1 of 6
A sample of work by Steven Summerville, of Virginia’s Dream studio in Bumpass (Photo by: Taylor Dabney)
2 of 6
A design by Lee Hazelgrove (Photo courtesy Clayworks Supplies)
3 of 6
Work by John Bryant of Old Tavern Kiln Collective (Photo courtesy Clayworks Supplies)
4 of 6
Work by Grace Eunmi Lee of Shockoe Bottom Clay. (Photo by: Grace Eunmi Lee)
5 of 6
Pieces by Susan Gaible of Shockoe Bottom Clay (Photo by: Jeremy Koslow)
6 of 6
Work by Jeff Vick of the Old Tavern Kiln Collective (Photo by: Jeff Vick)
Scott Campbell of Clayworks Supplies wondered why nobody had thought of putting together a Richmond clay studio tour — so he arranged one. “There’s a huge number of clay [artists] here,” he says. “And they’re working in a variety of styles — more than enough to arrange a metro Richmond showing.”
The Clay Studio Tour, on June 4 and 5, includes 20 studios and more than 75 artists. Many of the locations are offering free demonstrations and refreshments — and it’s all free and open to the public. “One studio home may have a group of people going in together,” Campbell says.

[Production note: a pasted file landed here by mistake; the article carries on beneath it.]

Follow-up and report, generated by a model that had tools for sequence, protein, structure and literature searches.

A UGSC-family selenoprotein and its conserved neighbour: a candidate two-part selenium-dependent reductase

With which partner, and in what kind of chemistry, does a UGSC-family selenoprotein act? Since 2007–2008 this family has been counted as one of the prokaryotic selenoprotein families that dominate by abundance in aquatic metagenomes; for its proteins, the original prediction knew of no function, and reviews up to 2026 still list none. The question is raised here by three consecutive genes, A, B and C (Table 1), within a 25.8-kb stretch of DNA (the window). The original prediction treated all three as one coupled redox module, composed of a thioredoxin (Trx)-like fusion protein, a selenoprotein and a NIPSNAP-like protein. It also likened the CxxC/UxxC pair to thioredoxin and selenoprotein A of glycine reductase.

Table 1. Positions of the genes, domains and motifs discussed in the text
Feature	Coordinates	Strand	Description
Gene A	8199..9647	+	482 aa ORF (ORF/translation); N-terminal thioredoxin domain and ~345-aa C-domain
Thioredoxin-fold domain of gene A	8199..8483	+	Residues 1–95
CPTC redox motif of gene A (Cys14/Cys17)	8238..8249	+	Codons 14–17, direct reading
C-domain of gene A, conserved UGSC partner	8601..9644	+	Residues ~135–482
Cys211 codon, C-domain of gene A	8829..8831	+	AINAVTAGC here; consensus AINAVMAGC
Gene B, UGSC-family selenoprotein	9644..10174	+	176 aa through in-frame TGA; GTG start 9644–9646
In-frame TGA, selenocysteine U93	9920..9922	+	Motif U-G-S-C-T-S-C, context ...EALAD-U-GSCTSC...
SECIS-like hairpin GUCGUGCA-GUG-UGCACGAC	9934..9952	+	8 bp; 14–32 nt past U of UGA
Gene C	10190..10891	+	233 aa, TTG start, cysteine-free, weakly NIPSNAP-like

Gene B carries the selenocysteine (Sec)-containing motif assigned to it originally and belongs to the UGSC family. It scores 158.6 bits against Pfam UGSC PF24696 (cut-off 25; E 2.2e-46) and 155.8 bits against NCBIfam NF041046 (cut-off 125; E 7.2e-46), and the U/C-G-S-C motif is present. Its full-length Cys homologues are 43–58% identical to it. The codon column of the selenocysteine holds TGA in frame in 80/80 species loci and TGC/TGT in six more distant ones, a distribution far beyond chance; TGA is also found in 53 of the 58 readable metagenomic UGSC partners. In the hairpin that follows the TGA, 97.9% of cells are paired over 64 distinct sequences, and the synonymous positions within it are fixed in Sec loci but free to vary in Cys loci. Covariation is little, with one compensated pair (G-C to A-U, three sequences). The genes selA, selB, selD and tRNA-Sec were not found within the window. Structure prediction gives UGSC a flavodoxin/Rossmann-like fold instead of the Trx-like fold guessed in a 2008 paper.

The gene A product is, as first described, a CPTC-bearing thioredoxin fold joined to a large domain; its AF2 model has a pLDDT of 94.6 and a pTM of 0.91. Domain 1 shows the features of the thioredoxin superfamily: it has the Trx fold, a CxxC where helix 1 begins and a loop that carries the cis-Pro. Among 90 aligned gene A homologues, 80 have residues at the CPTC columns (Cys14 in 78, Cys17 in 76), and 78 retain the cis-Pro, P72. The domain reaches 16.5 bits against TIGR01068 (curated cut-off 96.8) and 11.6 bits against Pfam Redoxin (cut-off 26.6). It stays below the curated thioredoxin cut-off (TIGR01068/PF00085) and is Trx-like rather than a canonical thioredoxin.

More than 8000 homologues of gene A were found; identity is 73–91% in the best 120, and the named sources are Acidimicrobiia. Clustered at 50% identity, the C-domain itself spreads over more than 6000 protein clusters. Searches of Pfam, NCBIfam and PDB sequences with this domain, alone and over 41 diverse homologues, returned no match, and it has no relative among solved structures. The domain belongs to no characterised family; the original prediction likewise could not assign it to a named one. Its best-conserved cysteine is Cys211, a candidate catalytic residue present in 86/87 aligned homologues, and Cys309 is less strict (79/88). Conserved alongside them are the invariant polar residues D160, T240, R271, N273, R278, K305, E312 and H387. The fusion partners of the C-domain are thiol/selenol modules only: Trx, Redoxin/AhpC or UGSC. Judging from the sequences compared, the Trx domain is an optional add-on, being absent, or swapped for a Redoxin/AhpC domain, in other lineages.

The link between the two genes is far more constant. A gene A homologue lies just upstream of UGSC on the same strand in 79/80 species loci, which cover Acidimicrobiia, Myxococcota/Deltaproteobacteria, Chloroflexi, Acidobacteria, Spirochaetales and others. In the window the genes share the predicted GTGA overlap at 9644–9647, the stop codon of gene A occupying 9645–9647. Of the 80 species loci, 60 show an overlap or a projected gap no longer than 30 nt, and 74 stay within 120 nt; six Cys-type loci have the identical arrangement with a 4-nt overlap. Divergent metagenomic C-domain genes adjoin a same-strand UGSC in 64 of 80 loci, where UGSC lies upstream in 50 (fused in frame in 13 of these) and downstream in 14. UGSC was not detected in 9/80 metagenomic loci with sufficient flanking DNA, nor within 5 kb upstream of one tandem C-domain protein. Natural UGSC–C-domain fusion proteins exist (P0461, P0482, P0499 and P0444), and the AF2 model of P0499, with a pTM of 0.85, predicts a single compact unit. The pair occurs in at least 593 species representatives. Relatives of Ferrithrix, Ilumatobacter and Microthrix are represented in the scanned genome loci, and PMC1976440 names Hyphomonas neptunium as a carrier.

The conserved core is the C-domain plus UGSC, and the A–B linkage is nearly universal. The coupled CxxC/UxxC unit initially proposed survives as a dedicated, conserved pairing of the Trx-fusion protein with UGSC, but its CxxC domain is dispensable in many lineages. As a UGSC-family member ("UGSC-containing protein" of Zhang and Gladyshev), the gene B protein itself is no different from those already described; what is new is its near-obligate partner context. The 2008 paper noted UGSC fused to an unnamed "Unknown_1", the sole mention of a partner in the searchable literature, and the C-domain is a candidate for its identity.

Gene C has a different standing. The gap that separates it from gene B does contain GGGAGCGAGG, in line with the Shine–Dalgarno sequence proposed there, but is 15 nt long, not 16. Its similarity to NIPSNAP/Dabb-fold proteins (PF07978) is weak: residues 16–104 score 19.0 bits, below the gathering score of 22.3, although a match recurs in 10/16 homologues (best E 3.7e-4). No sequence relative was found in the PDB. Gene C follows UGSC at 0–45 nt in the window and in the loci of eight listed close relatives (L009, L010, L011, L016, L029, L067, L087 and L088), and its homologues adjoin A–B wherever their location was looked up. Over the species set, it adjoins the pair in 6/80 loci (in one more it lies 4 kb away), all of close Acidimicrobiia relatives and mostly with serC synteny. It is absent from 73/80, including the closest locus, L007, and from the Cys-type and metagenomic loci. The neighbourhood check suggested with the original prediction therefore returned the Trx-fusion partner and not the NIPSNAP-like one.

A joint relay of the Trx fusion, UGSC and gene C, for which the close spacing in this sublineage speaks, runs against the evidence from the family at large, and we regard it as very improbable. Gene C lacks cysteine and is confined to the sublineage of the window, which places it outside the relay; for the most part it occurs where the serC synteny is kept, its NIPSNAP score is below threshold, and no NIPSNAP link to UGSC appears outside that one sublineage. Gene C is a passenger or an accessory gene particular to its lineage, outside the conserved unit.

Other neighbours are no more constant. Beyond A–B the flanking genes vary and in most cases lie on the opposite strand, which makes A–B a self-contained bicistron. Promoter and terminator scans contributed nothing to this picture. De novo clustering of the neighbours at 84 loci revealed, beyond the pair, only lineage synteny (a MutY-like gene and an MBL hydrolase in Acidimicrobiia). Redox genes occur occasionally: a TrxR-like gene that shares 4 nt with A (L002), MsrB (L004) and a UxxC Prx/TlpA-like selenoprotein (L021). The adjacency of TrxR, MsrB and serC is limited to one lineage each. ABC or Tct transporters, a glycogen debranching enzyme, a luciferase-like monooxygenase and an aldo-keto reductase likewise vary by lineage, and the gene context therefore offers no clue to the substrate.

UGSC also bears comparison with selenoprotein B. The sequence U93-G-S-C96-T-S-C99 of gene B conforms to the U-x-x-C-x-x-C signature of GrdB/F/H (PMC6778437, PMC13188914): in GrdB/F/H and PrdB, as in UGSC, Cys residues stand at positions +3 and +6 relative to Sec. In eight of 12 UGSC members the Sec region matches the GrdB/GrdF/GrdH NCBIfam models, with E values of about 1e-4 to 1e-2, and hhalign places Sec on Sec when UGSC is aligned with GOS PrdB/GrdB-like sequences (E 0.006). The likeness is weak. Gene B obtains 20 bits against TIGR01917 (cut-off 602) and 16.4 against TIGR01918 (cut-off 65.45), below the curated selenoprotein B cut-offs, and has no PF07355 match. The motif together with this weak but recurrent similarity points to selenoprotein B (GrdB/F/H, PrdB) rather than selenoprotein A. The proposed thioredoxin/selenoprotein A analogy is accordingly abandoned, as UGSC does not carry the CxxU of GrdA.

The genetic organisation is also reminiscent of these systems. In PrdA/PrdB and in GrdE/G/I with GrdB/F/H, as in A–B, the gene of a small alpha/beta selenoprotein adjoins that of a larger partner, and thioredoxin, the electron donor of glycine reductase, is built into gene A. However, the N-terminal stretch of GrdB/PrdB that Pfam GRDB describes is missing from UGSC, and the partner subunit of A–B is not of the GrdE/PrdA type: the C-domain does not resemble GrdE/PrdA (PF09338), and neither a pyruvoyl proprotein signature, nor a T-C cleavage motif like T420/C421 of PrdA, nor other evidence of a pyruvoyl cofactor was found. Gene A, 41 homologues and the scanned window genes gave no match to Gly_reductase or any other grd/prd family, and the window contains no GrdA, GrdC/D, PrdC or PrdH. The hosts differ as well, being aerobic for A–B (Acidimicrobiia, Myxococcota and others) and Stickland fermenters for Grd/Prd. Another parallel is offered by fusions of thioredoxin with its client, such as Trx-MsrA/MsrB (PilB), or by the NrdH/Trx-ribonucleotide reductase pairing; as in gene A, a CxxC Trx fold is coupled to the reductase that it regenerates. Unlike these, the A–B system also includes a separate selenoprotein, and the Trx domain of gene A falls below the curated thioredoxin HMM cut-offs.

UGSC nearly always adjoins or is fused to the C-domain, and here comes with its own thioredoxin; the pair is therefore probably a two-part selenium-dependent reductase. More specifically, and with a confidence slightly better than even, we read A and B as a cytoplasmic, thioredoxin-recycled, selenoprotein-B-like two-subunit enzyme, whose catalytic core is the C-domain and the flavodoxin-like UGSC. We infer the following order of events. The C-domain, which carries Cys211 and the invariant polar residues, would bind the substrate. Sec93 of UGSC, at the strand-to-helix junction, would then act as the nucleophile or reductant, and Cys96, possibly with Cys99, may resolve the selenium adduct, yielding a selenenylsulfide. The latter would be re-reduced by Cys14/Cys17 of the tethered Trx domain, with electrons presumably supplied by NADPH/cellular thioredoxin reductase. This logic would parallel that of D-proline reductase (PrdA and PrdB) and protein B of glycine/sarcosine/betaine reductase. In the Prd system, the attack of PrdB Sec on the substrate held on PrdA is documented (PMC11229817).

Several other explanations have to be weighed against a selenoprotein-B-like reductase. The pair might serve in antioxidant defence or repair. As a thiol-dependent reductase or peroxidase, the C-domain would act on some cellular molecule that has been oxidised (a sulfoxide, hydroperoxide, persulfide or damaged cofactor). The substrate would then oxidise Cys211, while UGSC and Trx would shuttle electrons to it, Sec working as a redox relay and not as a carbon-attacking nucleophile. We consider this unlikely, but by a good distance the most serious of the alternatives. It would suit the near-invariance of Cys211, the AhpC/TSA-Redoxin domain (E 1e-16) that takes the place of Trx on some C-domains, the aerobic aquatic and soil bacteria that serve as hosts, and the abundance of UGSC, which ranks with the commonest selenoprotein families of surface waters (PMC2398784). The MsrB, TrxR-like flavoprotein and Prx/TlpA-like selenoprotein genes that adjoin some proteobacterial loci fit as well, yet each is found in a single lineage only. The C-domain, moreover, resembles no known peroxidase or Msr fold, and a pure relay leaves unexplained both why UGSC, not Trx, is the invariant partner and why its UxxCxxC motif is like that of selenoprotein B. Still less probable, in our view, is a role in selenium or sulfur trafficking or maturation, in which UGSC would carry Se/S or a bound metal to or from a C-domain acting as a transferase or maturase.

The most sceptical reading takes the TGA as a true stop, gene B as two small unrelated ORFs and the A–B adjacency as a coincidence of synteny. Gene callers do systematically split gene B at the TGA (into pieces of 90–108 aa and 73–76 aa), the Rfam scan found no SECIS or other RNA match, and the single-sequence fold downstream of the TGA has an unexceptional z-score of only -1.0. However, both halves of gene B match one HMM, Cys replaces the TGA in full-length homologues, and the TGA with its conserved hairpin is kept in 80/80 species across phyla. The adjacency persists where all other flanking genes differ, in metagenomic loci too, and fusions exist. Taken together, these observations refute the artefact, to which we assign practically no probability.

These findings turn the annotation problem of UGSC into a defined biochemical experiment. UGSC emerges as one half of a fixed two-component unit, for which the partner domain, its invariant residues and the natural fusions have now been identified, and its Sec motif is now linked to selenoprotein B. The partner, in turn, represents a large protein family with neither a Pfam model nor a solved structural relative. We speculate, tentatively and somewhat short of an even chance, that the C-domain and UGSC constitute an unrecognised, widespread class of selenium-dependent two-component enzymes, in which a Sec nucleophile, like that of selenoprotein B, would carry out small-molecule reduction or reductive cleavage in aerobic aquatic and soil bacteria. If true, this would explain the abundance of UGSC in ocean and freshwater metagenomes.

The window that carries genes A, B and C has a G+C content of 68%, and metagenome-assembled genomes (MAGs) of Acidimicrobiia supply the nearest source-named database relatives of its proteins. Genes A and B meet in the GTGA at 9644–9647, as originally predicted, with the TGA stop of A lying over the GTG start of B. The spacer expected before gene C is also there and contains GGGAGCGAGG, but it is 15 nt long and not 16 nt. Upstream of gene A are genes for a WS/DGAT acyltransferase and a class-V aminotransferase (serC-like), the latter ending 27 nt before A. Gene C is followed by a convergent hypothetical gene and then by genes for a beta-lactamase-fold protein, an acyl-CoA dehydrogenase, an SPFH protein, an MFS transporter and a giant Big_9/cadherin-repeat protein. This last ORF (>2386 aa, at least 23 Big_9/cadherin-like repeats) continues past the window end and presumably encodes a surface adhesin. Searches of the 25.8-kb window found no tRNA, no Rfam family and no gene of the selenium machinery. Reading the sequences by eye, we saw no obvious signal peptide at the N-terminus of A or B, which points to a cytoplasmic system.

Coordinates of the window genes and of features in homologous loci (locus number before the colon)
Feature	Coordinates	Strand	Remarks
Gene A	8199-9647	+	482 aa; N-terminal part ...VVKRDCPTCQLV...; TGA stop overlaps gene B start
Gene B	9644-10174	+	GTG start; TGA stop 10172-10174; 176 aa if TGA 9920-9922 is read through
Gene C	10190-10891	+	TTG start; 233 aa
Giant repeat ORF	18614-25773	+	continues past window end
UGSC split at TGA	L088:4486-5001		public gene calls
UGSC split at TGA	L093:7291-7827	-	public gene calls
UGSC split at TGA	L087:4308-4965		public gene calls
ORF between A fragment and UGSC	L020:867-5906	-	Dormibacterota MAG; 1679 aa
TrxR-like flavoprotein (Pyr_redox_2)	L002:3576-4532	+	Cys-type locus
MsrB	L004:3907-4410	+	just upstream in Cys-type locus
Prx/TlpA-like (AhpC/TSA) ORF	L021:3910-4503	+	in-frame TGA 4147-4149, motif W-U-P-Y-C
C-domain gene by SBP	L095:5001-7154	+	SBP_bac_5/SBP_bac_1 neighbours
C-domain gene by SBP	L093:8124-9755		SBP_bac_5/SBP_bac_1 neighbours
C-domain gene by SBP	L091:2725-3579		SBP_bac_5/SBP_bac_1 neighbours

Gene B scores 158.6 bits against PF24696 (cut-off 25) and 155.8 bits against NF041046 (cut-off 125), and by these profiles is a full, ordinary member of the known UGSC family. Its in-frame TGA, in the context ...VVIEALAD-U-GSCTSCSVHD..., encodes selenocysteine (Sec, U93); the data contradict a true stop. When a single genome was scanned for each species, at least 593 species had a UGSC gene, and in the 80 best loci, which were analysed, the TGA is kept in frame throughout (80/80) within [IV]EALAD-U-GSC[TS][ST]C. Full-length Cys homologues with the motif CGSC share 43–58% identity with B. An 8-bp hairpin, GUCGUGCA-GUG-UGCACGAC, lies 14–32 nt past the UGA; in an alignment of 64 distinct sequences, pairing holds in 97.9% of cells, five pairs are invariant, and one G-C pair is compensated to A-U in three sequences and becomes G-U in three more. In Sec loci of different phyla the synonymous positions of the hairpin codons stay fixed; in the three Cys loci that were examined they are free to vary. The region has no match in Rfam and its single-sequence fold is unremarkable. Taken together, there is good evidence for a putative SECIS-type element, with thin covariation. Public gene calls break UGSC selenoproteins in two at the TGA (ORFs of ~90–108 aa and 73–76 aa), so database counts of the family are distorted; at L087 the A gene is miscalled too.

Virginia Commonwealth University is participating with its graduate student crafters, and other institutions include the Visual Arts Center of Richmond and the Cultural Arts Center of Glen Allen, a number of pottery stores and studios as far as Quinton, east of Richmond.
Clayworks, at 2277 Dabney Road, is hosting five artists including Campbell’s wife, ceramicist Nancy Sowder. Shockoe Bottom Clay, which opened seven months ago in a grandly revived, long-dormant hardware store at 1714 E. Main St., is presenting six artists.
The makers’ specialties range from tableware to sculpture fired in electric, gas, wood, Raku and pit-fired kilns. Campbell reflects, “When we pitched the idea to the community, we were uncertain how they’d go for it; but they’ve been just crazy supportive.”
Free. 10 a.m to 5 p.m. 918-7722 or rvaclay.com.